Who Owns Your Workflow?

Pat McGrew
Sep 6, 2016

Clearly, the idea of documenting your workflow architecture and environment resonated with those who read the last installment. It is not surprising! We all know that every business process should be backed up with documentation, but it is easy push it down the priority list. Perhaps raising the visibility will help raise the priority!

The next item in the Workflow Quiz asked if there was an owner for your workflow process, and if you have an assigned owner, does that person have a named backup. It is an important question because without a named owner your workflow processes are at risk. In addition, without a backup, the risk only grows.

The role of the workflow owner is to take responsibility for the products and processes, ensure all software is maintained, review upgrades prior to implementation, identify potential changes in the workflow, and identify new products that could make the workflow more efficient. It is not a full time job on its own, but it is a job that requires a number of dedicated hours each month to do correctly. That owner should be named, and should be held accountable for the state of the workflow during reviews.

The Workflow Process is at the core of how jobs move through the business. Without a named, accountable owner, there are too many opportunities for workflows to become out of date or suffer unapproved alterations.  


At a minimum, the workflow owner should know what sofwtare is installed and how it is being used in the workflow. They should have access to information about what version of each software application is installed, when it was last upgraded, and even what it costs to run. Is it Subscription as a Service with monthly costs? One time cost plus maintenance? How much is the maintenace and what is included? Just knowing what you pay isn’t enough. Are you actually using the software, applying patches and upgrading as needed? If you aren’t, it might be time to rethink how to make the most of your investment!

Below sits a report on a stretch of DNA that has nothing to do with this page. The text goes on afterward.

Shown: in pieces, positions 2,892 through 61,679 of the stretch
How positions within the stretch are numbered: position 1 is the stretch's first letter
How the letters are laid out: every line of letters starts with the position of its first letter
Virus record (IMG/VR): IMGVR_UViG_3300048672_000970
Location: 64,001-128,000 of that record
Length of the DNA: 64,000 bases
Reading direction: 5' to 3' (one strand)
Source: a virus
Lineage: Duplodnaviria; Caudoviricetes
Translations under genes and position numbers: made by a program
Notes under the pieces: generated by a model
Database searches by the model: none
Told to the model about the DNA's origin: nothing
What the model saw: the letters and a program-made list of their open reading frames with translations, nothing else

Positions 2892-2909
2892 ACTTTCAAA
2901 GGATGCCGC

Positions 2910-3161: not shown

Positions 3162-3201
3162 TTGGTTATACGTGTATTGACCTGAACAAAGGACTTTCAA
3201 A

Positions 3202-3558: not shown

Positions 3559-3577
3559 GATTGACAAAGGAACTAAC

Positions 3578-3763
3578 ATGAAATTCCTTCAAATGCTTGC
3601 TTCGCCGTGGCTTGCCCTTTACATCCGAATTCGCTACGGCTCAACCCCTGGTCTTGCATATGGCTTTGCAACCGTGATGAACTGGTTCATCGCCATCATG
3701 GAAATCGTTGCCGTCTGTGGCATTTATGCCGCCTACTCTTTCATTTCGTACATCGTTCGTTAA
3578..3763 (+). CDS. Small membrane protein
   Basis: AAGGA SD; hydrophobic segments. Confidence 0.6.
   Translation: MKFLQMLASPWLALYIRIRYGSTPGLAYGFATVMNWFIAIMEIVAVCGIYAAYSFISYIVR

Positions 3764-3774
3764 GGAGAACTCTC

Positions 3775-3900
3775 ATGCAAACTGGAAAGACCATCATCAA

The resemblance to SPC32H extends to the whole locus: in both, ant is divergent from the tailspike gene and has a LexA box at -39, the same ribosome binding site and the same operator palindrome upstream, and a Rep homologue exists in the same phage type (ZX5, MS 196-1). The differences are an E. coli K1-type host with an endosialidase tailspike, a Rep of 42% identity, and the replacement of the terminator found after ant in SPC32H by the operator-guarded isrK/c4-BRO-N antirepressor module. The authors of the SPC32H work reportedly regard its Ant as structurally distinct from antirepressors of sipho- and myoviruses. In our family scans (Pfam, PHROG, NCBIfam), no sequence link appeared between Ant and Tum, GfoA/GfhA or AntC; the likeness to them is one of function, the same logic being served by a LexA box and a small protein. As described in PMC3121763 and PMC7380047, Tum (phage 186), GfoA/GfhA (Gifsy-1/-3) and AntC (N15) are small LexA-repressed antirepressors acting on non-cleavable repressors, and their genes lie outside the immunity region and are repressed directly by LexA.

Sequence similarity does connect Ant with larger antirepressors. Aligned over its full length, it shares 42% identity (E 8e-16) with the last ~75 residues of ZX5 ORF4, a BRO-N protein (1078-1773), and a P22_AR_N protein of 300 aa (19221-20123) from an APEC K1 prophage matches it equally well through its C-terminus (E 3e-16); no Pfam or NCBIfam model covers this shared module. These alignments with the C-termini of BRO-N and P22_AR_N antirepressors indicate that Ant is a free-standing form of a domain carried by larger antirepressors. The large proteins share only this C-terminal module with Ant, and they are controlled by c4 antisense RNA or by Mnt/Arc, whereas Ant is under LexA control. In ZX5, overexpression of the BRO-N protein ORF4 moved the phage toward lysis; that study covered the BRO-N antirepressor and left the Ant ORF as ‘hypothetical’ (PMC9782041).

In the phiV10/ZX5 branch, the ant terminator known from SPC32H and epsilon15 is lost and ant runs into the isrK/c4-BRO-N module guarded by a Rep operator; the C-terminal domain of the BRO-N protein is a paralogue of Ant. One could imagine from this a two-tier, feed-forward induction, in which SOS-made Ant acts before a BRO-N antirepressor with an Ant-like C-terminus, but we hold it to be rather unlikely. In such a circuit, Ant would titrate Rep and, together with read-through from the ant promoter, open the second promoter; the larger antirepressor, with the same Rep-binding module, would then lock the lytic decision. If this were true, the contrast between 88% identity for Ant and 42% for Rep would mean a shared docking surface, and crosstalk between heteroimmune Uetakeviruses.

What applications in the workflow cause the most difficulty? What do you still do manually that might have an automated solution? The workflow owner needs to be on top of what is going on in the market, what new solutions come to market that could streamline and optimize current processes, and be empowered to reach out to vendors to learn more.

The idea of having a backup is that at any point in time the workflow owner could do such an amazing job that they are promoted! Who will take over? The best practice is to have someone ready to step in.

I’m done preaching. If you have stories to share reach out to me! @PatMcGrew on Twitter, on LinkedIn, or Pat.McGrew@InfoTrends.com all reach me.

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